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Current search results within: 2007-2002

  • Metropolitan Museum Launches First-Ever Korean Audio Guide

    The Metropolitan Museum of Art in New York City has inaugurated its first-ever Audio Guide in Korean. The tour – called The Director's Selections – features commentary by Museum Director Philippe de Montebello about 58 masterpieces, which have been selected by him from the Museum's world-renowned collection of more than two million works of art.

  • Metropolitan Museum Acquires Diane Arbus Archive

    (New York, December 18, 2007)—The Metropolitan Museum of Art announced today that it has acquired the complete archive of Diane Arbus (1923-1971), the legendary American photographer known for her revelatory portraits of couples, children, nudists, carnival performers, and eccentrics. The Estate of Diane Arbus has selected the Museum to be the permanent repository of the artist's negatives, papers, correspondence, and library. The Museum will collaborate with the Estate to preserve Arbus's legacy and to ensure that her work will continue to be seen in the context of responsible scholarship and in a manner that honors the subjects of the photographs and the intentions of the artist.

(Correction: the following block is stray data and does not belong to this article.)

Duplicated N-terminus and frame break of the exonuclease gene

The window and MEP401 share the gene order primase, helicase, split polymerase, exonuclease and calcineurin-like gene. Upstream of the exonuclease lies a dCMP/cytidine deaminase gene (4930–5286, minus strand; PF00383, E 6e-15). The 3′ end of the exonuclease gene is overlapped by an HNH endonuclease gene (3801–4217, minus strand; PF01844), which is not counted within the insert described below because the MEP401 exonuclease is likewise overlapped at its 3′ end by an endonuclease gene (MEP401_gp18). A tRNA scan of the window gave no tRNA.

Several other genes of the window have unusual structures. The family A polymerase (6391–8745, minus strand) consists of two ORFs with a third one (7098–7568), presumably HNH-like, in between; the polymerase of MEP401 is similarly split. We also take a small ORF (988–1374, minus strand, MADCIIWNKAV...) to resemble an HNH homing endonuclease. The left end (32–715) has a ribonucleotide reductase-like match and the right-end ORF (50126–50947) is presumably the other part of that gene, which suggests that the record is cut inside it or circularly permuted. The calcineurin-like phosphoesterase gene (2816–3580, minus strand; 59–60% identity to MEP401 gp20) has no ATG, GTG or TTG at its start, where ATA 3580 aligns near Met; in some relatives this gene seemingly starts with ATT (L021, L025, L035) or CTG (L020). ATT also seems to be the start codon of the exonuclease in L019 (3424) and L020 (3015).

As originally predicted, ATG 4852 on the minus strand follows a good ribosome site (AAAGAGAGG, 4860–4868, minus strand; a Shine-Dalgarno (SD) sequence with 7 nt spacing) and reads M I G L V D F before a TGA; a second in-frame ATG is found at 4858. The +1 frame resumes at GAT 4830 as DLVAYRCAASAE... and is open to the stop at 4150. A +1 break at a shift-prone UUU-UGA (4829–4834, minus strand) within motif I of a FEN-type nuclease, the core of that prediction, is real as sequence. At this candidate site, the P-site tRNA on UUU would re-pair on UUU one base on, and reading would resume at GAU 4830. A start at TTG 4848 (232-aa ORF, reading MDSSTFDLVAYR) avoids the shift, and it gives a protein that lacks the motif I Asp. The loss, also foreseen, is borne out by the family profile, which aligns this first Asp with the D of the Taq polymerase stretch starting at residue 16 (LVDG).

• Metropolitan Museum Concerts January2008

    For tickets, call the Concerts & Lectures Department at 212-570-3949, or visit www.metmuseum.org/tickets, where updated schedules and programs are also available. Tickets are also available at the Great Hall Box Office, which is open Tuesday-Saturday 10-5:00, and Sunday noon-5:00. Student discount tickets are available for some events; call 212-570-3949.


    (New York, December 3, 2007) – National, regional, and foreign tourists visiting The Metropolitan Museum of Art's recently opened New Greek and Roman Galleries so far have spent a combined $567 million during their visits to New York City as of November 20, according to a Museum audience survey released today. Using the standard ratios for calculating tax revenue impact, the direct tax benefit to New York City and New York State from these visitors in the seven months since the galleries opened is estimated at $56.7 million.

  • The Wisteria Dining Room in New Galleries for 19th- and Early 20th-Century European Paintings and Sculpture

    A complete and fully furnished Art Nouveau dining room designed by Lucien Lévy-Dhurmer shortly before World War I – The Wisteria Dining Room – has been installed within The Metropolitan Museum of Art's renovated and expanded New Galleries for 19th- and Early 20th-Century European Paintings and Sculpture, opening to the public on December 4, 2007. The room – which has been in storage for the past 40 years because of lack of space in which to exhibit it prior to the expansion of the galleries – is the only complete French Art Nouveau interior on display in an American museum.

  • Expanded and Renovated Galleries for 19th- and Early 20th-Century European Paintings and Sculpture To Reopen December 4 at Metropolitan Museum